Huntington program tries to raise readers

Rosa Maldonado and her son Nevin, 4, read

Rosa Maldonado and her son Nevin, 4, read a library book together as part of the Raising a Reader at the Huntington Public Library. (May 10, 2012) Photo Credit: Newsday/Karen Wiles Stabile

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Four-year-old Nevin Maldonado was content to sprawl on the floor on a recent afternoon, drawing a star in his notebook -- until his mother beckoned him, a children's book in hand.

In a flash, Nevin was in Rosa Maldonado's lap, and the two soon were deep in "1, 2, 3 to the Zoo," counting elephants and describing the colors of birds.

The book was courtesy of the "Raising a Reader" program -- a collaboration between the Huntington Public Library and the Huntington Head Start, where Nevin is a student.

The idea is to prepare economically disadvantaged children for kindergarten by encouraging early literacy skills, said Kristine Casper, department head of youth and public services at the library.

In October, the library became the only Long Island affiliate of Raising a Reader, a California-based nonprofit that created the early reading program.

The library then paired with the Head Start program on Railroad Avenue, where 44 children are enrolled.

In the program, each child receives a bag of books weekly to read at home with their parents. The children return the bag each week and swap it for a different bag of books -- some with words, some just with pictures, to encourage children to create their own stories.

So far, parents and children have enthusiastically embraced the idea, said Lisa Cornell, center manager of the Huntington Head Start.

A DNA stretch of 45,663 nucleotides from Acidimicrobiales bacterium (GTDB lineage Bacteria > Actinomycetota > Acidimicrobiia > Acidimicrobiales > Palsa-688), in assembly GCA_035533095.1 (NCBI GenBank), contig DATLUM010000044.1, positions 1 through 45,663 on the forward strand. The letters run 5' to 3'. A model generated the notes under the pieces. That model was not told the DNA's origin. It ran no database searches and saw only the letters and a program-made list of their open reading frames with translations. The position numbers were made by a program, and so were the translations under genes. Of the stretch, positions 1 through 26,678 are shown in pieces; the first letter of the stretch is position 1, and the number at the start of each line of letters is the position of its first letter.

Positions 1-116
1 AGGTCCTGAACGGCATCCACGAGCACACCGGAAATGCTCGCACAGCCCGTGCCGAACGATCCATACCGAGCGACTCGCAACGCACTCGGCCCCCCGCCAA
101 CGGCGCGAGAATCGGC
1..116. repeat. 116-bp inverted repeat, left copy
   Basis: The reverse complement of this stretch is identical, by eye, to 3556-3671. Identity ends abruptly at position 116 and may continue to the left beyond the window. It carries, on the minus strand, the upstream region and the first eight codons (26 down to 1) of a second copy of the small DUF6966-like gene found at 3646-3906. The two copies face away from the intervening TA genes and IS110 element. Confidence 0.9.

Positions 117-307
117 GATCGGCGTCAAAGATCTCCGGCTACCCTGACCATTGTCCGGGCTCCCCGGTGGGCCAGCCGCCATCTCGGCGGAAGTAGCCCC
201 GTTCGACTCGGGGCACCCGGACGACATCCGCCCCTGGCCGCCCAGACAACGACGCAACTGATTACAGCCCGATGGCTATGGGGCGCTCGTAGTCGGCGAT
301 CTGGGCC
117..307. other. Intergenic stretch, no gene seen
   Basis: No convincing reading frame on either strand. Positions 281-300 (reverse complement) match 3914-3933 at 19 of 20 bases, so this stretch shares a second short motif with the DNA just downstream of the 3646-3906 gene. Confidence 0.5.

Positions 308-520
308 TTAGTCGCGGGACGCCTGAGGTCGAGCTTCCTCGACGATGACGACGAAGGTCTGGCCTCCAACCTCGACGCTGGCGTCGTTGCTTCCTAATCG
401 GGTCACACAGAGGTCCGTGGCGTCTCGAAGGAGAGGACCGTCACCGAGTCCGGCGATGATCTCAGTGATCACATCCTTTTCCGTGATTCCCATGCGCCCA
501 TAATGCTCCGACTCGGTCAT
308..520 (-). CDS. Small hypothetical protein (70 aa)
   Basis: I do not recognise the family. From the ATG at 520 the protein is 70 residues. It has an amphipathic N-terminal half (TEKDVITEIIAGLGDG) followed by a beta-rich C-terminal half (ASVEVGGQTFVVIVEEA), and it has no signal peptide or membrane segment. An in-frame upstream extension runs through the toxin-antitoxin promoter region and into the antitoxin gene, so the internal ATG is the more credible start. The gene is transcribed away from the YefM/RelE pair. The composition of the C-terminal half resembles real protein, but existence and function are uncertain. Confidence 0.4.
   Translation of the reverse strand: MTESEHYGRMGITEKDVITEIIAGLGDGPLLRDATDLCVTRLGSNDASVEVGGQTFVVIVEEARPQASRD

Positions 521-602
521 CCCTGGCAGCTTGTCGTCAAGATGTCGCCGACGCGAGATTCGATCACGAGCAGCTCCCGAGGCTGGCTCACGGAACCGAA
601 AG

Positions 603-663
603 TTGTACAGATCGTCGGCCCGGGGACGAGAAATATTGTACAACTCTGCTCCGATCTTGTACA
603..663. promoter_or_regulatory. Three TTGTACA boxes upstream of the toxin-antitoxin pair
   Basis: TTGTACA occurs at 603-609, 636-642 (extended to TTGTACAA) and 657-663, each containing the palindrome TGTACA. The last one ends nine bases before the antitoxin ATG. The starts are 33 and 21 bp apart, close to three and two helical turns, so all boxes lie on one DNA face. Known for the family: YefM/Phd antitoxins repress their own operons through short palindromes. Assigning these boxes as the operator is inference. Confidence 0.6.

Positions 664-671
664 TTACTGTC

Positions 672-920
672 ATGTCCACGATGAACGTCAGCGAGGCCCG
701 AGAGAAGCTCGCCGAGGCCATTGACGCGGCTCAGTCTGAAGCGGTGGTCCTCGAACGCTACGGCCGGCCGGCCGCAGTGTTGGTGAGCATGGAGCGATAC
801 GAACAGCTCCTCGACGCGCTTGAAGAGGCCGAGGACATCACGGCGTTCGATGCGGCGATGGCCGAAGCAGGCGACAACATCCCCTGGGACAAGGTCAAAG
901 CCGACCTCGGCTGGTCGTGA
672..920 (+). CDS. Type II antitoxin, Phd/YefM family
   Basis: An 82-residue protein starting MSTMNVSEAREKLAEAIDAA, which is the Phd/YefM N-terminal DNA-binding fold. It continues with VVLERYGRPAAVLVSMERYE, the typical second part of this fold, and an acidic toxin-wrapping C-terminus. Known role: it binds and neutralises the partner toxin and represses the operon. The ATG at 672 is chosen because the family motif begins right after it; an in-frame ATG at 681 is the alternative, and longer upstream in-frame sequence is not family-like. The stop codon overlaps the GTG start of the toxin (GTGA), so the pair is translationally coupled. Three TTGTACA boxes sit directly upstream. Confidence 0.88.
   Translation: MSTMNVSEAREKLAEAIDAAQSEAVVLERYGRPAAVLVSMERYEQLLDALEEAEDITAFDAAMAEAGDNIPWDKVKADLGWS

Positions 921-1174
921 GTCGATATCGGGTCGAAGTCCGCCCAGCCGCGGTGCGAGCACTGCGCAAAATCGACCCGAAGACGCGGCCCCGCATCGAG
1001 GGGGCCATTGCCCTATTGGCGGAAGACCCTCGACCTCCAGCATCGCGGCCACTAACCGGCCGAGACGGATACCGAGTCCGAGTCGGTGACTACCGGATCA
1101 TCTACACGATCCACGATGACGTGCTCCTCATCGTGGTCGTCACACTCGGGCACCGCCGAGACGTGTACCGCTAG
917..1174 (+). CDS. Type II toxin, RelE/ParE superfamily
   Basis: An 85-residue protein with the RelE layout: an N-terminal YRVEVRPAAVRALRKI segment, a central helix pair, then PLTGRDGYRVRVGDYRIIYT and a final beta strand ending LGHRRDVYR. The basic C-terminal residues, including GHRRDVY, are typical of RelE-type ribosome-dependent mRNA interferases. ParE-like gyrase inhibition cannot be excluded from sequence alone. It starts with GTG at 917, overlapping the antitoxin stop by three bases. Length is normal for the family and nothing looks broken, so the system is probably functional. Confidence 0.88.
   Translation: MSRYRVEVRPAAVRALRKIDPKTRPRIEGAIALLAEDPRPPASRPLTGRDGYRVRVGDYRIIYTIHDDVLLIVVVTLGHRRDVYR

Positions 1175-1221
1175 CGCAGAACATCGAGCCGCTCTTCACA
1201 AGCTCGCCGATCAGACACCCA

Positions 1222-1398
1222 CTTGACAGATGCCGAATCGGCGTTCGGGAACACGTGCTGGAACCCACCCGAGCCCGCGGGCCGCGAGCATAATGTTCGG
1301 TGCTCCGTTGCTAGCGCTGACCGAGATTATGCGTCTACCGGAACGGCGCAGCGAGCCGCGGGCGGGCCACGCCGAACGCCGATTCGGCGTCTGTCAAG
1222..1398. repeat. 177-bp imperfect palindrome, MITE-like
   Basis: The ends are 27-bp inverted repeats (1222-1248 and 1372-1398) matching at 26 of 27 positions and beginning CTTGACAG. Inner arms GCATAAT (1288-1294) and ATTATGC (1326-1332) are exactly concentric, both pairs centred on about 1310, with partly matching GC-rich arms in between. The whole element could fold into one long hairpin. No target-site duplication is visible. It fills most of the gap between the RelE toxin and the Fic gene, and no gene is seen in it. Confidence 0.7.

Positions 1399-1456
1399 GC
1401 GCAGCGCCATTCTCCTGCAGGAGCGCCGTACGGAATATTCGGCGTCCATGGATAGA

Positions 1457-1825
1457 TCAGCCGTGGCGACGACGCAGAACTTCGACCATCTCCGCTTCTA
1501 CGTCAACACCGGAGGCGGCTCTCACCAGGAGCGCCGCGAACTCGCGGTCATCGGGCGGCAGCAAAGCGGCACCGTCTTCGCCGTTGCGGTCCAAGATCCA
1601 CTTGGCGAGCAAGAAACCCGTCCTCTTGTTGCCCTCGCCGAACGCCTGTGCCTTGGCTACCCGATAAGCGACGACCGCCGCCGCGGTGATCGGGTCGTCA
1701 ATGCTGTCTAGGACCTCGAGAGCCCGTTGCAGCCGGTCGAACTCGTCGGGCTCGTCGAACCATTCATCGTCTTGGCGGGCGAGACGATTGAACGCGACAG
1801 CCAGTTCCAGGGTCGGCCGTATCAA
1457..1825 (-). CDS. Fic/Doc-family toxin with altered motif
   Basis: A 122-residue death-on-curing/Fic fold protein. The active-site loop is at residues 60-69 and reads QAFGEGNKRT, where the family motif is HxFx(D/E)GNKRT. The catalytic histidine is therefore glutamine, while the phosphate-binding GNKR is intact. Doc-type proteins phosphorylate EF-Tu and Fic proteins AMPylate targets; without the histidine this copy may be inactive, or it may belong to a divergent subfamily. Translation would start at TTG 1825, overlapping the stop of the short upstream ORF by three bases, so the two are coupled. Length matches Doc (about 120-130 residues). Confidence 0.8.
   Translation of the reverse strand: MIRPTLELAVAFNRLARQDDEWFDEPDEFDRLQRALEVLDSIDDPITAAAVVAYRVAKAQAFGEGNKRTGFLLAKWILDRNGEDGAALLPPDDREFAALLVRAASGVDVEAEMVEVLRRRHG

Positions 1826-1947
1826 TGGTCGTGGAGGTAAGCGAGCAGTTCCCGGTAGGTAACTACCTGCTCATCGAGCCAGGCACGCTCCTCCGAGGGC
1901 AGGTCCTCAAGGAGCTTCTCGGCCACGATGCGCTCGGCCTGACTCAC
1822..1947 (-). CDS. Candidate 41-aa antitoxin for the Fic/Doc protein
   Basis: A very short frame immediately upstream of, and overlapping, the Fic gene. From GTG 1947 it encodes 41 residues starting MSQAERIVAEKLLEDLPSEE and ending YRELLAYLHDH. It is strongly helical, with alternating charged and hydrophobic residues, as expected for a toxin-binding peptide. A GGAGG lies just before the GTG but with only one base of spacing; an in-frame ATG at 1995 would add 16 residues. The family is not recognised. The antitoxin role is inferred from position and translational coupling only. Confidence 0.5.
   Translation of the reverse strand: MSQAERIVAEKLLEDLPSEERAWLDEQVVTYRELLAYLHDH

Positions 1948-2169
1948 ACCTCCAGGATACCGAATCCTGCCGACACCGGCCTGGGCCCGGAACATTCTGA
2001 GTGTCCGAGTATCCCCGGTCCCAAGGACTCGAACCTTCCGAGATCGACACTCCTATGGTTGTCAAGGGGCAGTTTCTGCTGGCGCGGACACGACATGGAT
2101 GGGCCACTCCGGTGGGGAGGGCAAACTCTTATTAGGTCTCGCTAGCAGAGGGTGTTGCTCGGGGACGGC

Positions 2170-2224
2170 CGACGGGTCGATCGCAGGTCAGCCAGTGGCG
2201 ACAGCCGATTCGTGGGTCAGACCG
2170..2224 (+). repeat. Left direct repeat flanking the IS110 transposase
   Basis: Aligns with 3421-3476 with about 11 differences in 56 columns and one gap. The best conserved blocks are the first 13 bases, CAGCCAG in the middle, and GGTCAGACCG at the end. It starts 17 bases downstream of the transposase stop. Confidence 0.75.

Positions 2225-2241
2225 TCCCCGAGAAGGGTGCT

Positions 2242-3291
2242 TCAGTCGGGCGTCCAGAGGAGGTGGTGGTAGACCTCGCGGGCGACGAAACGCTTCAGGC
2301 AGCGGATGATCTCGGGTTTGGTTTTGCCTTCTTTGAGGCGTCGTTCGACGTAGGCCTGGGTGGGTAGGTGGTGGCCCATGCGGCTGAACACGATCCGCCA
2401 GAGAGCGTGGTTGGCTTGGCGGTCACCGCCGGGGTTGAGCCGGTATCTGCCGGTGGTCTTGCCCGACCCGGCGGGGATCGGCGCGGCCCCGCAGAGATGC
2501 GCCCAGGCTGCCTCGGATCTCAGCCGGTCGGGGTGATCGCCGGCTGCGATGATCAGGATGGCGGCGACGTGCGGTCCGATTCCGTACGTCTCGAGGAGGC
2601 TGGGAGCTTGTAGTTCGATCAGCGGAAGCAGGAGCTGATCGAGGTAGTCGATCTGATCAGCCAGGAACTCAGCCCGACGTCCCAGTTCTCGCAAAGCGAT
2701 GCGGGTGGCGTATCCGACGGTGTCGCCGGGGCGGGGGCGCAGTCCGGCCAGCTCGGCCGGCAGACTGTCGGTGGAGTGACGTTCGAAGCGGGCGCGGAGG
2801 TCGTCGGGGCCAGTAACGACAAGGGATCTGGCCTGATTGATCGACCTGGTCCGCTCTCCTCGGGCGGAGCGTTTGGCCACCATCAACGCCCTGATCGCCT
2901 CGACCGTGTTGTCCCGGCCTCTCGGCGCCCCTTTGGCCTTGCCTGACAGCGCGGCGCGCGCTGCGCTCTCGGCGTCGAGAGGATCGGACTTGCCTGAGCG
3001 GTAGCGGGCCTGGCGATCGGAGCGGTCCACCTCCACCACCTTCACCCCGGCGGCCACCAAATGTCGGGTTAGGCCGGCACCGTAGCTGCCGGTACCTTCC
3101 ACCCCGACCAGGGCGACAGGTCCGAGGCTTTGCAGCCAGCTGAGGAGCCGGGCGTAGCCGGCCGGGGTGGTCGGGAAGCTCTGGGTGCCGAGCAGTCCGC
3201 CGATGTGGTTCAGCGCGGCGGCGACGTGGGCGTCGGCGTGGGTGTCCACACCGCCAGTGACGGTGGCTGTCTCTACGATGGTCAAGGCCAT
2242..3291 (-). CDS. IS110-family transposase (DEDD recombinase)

"It's a great program," Cornell said. "It makes a big difference with these children."

Maldonado said that before the program, she and Nevin would sometimes read together. But now, every night, she and her son snuggle and read for at least half an hour -- he considers it his "homework," she said. "He learns a lot with this program."

Casper said the program also benefits the parents.

"A lot of parents in the program are low literacy themselves, or they speak a different language," Casper said. "Kids are reading to their parents, and parents are also increasing their vocabulary skills."

Casper said another goal is to make lifetime readers out of the children and their parents -- most of them now have library cards, and some are starting to show up at the library on their own.

"It's driven by the kids," Casper said. "The kids are so excited to get the books home. The kids are going to open up the bag and say, 'Read this book to me.' "

Andrea Garcia, associate professor of literacy at Hofstra University, said studies have shown that early literacy is key to helping children transition to school.

Programs such as Raising a Reader, Garcia said, are key in that they send books home with children who might not go to libraries.

"Even after the program is completed, because the family feels comfortable with the idea of the public library, they go back to the library and get other books," she said. "Kids start asking for it."

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